US accuses Russia of 'deliberate mischaracterisation' of its foreign policy relating to Bangladesh polls
Bangladesh politics became the focus of a war of words between the US and Russia on Saturday as Washington accused Moscow of making ''deliberate mischaracterisation'' of its foreign policy relating to the upcoming elections in the South Asian nation.
Bangladesh is going to the polls on January 7 next year.
During a regular weekly briefing in Moscow on Wednesday, Russian Foreign Ministry spokesperson Maria Zakharova claimed that US ambassador to Bangladesh Peter Haas and a high-ranking representative of the local opposition discussed plans to organise mass anti-government protests in the country during the meeting.
Reacting to her statement, a US State Department spokesperson in Washington said, “We are aware of Zakharova’s deliberate mischaracterisation of US foreign policy and Ambassador Haas’s meetings.” Washington's response, issued by the US embassy, came hours after the Russian embassy in Dhaka updated its website detailing Zakharova's November 22 comments in Moscow.
The US official said America wants to see a free and fair election conducted in a peaceful manner in line with the aspirations of the people of Bangladesh.
“To support that shared goal of free and fair elections conducted in a peaceful manner, US Embassy personnel engage and will continue to engage with the government, opposition, civil society, and other stakeholders to urge them to work together for the benefit of the Bangladeshi people,” he said.
“The United States does not support any political party in Bangladesh. Nor does the United States favour one political party over another,” the spokesperson said.
In her weekly briefing, Zakharova also claimed that the US ambassador promised his interlocutor to provide information support in the event that the authorities used force against participants in “peaceful demonstrations”.
The Russian foreign ministry official said these assurances were purportedly made on behalf of the embassies of the US, Britain, Australia and several other countries.
The Russian spokesperson said the action of the US ambassador to Bangladesh can be seen as nothing less than gross interference in the internal affairs of a sovereign state on the part of “Washington and its satellites”.
“(But) on our (Russia’s) part, we have no doubts regarding the ability of the Bangladeshi authorities to hold the parliamentary elections scheduled for January 7, 2024, in full compliance with national legislation, independently, without the help of overseas well-wishers,” she said.
Zakharova asserted that Moscow has been voicing its concerns repeatedly about the attempts by the US and its allies to influence internal political processes in Bangladesh, ostensibly under the banner of ensuring “transparency and inclusiveness” in the upcoming parliamentary elections there.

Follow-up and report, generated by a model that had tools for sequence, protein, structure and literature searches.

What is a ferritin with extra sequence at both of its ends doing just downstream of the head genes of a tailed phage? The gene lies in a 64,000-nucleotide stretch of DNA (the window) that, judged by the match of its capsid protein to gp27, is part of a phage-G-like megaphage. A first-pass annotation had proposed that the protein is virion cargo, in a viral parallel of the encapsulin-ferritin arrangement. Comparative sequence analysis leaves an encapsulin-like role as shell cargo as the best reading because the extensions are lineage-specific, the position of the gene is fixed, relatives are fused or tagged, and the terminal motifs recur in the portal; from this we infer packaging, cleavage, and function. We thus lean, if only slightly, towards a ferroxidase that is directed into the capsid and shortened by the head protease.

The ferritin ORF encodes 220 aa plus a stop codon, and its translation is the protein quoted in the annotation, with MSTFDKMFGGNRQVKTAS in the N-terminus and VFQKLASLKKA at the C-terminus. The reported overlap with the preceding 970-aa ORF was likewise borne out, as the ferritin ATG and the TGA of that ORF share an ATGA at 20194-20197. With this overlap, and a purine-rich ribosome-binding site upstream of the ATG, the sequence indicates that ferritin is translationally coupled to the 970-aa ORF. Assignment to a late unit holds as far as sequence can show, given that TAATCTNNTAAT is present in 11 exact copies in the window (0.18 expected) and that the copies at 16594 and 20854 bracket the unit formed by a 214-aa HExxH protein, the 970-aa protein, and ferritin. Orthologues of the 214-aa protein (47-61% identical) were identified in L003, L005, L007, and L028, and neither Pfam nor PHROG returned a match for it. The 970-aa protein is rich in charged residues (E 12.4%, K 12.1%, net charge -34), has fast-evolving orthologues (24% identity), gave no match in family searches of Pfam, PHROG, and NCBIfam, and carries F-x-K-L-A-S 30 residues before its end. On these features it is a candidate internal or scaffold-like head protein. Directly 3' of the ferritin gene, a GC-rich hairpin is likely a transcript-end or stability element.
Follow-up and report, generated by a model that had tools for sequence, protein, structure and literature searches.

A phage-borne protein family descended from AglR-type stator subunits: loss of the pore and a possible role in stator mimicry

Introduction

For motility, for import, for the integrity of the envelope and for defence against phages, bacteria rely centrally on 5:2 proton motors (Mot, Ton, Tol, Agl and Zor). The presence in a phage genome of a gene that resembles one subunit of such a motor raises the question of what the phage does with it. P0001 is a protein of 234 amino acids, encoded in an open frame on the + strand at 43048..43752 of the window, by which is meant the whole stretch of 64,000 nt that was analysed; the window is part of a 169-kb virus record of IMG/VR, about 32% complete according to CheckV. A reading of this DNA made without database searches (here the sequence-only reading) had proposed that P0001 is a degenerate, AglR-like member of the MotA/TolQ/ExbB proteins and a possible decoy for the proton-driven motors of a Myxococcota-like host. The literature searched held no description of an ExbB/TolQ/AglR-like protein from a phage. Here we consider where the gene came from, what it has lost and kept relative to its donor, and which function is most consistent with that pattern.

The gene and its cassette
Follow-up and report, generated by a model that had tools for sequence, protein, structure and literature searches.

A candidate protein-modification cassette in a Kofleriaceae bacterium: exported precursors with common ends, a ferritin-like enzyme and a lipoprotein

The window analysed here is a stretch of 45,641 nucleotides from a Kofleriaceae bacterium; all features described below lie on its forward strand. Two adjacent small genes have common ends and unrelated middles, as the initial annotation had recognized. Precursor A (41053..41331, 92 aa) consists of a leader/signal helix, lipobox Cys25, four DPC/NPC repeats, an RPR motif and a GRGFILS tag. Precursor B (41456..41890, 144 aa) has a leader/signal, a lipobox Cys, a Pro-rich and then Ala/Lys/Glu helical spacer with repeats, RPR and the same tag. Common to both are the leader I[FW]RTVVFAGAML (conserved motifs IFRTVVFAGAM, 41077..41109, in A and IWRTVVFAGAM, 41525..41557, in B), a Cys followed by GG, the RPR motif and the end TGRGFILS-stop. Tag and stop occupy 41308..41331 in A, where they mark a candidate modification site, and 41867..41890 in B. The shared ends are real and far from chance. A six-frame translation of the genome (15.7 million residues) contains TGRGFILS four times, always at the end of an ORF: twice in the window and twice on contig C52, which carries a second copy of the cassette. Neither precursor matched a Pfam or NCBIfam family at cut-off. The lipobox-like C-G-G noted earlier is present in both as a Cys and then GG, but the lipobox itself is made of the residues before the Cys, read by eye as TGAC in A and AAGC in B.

She also recalled the 2013 second “Maidan protest” against the then Russian-backed regime in Ukraine saying, “We witnessed a similar scenario ten years ago,” in a slanted reference to the US role at that time.
The Maidan Protest Movement was a political upheaval that took place in Ukraine from November 2013 to February 2014. It was sparked by the government's decision to suspend an association agreement with the European Union and instead strengthen ties with Russia.
The exchange of barbs between America and Russia came two months after the US State Department criticised Russian Foreign Minister Sergei Lavrov's comments during his Dhaka visit that Moscow would prevent any attempt to establish dictates and interference by Washington in the region, including in Bangladesh.
Lavrov, on a visit to Dhaka in late September, had said, “We can clearly see that the US and its allies are truly trying to promote their interests in the region by using the so-called Indo-Pacific strategy.” “Their (US) goal is clearly both to counter China and to isolate Russia in this region,'' he said The Russian foreign minister’s comments drew sharp criticism from Washington at that time.
''A country that has invaded two of its neighbours, is prosecuting an aggressive war where it bombs schools and hospitals and apartment buildings on a daily basis, should not be talking about any other country imposing dictates,” a US spokesman had said then.
Bangladesh is building its first of two nuclear power plants in collaboration with Russian state-owned atomic company Rosatom at a cost of USD 12.65 billion. Ninety per cent of the amount is being financed by Moscow through a Russian loan repayable within 28 years with a 10-year grace period.
The COVID-19 pandemic and the Ukraine war-related sanctions delayed the construction of the plant and in December last year, Bangladesh denied entry to a Russian ship that was carrying equipment for the nuclear power plant as the vessel fell under the purview of US sanctions.
(This story has not been edited by Devdiscourse staff and is auto-generated from a syndicated feed.)